Smart Factory Tours Aim to Introduce Students to Industry 4.0 Jobs

With record low unemployment in the U.S., it has become increasingly difficult to find workers interested in pursuing factory jobs, especially as manufacturing becomes more high-tech.

According to a 2018 study by Deloitte and the Manufacturing Institute, an estimated 2.4 million factory positions will go unfilled between 2018 and 2028, with a potential impact of $2.5 trillion in lost economic output and productivity. The study also found that manufacturing positions relating to digital talent, skilled production, and operational managers may be three times as difficult to fill in the next three years.

There’s a skills gap in the industry, in which older workers need additional training to work in modern tech-enabled factories. But there’s also a lack of understanding among young talent that in 2019, factory work isn’t always the stultifying, repetitive job of the past—it now involves technologies like the Internet of things, 3D printing, virtual and augmented reality, robots, artificial intelligence, and more.

Automation Alley, a statewide tech and manufacturing business association, is working to shrink the skills gap as well as entice young people to pursue manufacturing work. The organization’s executive director, Tom Kelly, says “the talent situation is dire everywhere. But with Michigan manufacturing, it’s even more dire.”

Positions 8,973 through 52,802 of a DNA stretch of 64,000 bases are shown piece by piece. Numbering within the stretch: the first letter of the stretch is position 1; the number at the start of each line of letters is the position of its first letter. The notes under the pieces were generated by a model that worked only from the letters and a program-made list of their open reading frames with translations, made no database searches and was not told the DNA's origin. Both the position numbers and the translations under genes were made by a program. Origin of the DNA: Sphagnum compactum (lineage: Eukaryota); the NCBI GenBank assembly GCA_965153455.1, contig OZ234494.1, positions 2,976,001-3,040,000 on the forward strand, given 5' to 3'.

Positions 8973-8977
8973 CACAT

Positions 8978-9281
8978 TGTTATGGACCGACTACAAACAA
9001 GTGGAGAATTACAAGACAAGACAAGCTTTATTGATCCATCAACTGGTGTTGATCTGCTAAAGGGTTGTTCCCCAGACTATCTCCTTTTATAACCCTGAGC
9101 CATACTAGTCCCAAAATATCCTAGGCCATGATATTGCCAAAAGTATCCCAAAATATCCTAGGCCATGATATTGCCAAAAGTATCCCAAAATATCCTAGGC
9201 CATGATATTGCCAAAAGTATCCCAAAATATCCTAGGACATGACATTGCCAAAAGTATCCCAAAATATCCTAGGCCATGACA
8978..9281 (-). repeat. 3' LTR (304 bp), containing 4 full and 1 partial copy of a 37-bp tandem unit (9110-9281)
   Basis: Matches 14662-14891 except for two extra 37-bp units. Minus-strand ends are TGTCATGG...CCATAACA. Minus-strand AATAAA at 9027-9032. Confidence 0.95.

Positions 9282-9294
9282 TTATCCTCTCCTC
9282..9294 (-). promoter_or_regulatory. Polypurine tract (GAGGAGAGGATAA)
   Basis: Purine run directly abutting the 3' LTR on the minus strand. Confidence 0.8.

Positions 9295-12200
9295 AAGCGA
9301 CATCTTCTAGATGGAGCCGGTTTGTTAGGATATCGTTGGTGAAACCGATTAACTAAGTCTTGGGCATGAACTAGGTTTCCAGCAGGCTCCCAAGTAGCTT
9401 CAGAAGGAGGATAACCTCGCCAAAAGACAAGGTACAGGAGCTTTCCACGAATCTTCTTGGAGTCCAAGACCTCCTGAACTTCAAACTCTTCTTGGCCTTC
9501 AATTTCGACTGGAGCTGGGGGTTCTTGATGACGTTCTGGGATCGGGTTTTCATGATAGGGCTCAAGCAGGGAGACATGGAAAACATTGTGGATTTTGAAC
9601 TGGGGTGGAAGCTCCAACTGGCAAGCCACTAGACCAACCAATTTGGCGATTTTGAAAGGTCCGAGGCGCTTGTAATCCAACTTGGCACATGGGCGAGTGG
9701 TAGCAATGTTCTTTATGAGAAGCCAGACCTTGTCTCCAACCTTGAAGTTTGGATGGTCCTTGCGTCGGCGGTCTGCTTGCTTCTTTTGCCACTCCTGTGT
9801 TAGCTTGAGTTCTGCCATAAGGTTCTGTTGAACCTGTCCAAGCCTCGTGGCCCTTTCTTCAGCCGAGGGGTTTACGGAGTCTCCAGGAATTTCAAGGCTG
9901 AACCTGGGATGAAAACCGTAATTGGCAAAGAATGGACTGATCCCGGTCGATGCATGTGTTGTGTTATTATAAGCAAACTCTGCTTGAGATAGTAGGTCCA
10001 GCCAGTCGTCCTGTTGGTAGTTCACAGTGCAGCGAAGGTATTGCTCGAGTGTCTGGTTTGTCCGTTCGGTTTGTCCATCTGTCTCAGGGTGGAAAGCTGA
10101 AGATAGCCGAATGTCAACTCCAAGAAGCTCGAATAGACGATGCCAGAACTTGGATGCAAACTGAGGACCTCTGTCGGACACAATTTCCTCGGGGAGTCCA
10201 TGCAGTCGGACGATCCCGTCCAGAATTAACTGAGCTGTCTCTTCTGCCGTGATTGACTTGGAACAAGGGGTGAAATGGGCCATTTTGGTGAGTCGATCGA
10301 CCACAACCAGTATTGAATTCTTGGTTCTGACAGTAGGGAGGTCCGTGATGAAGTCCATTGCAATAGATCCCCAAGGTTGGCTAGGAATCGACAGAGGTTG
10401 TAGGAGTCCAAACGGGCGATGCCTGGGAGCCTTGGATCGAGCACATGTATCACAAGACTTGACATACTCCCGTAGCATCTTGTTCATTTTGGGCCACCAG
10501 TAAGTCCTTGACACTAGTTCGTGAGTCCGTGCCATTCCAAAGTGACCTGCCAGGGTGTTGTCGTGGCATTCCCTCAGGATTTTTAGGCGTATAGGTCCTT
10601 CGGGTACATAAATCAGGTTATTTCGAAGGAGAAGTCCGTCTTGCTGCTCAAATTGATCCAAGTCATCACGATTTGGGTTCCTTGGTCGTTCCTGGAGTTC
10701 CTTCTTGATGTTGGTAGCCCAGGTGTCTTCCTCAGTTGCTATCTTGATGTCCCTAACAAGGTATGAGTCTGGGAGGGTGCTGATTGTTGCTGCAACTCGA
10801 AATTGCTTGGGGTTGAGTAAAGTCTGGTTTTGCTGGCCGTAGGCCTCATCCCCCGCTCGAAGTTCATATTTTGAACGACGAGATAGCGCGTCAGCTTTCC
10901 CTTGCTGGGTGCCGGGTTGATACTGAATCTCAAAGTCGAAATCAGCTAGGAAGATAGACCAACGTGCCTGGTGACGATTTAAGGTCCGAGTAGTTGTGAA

That talent disconnect is the impetus behind a new Automation Alley program called MI Smart Factory Tour. The tours allow university students from across the country to access the state’s most innovative factories and explore the technologies therein. Kelly calls the program a win-win: students are exposed to smart factory jobs while also getting a chance to check out Michigan. In addition, the tours facilitate matchmaking between companies hungry for young employees and kids who are considering a technical career, Kelly says.

Automation Alley piloted the idea last fall, when 20 students from Ohio University’s Russ College of Engineering and Technology made the trip up to the Great Lakes State, visiting Fori Automation, Parker Hannifin, Hirotech, and FANUC. The kids, Kelly observes, tended to engage most with the manufacturers that have technology they’re interested in working on. Automation Alley has funded the launch and development phase of the program. The tours are free for universities, and the participating manufacturers pay a fee to be included.

“Both the manufacturers and the students had a great time,” Kelly says. “Four students got job offers from that one trip. We have to grab the tiger by the tail here—how can we create a mechanism to arrest brain drain so college kids don’t just look to the coasts? If they want to work on 3D printing or AI, that’s happening here in Michigan on our manufacturing floors.”

Kelly says the intention is to open the program to “anyone and everyone. Larger manufacturers tend to get all the press, but mid-market companies are doing equally cool things.” The state’s industrial industry is strong, he adds, with more work than employees to perform it.

“Manufacturers are turning work away because of the talent shortage,” Kelly continues. “There’s no short-term fix; it’s a combination of automation and skills training. We don’t have the labor pool we had 20 years ago, and that’s limiting growth potential. Our program bends the arc a little.”

Kelly says there are two more tours scheduled so far for 2019. Universities interested in taking a tour, or manufacturers that want to host a tour, should contact Automation Alley.

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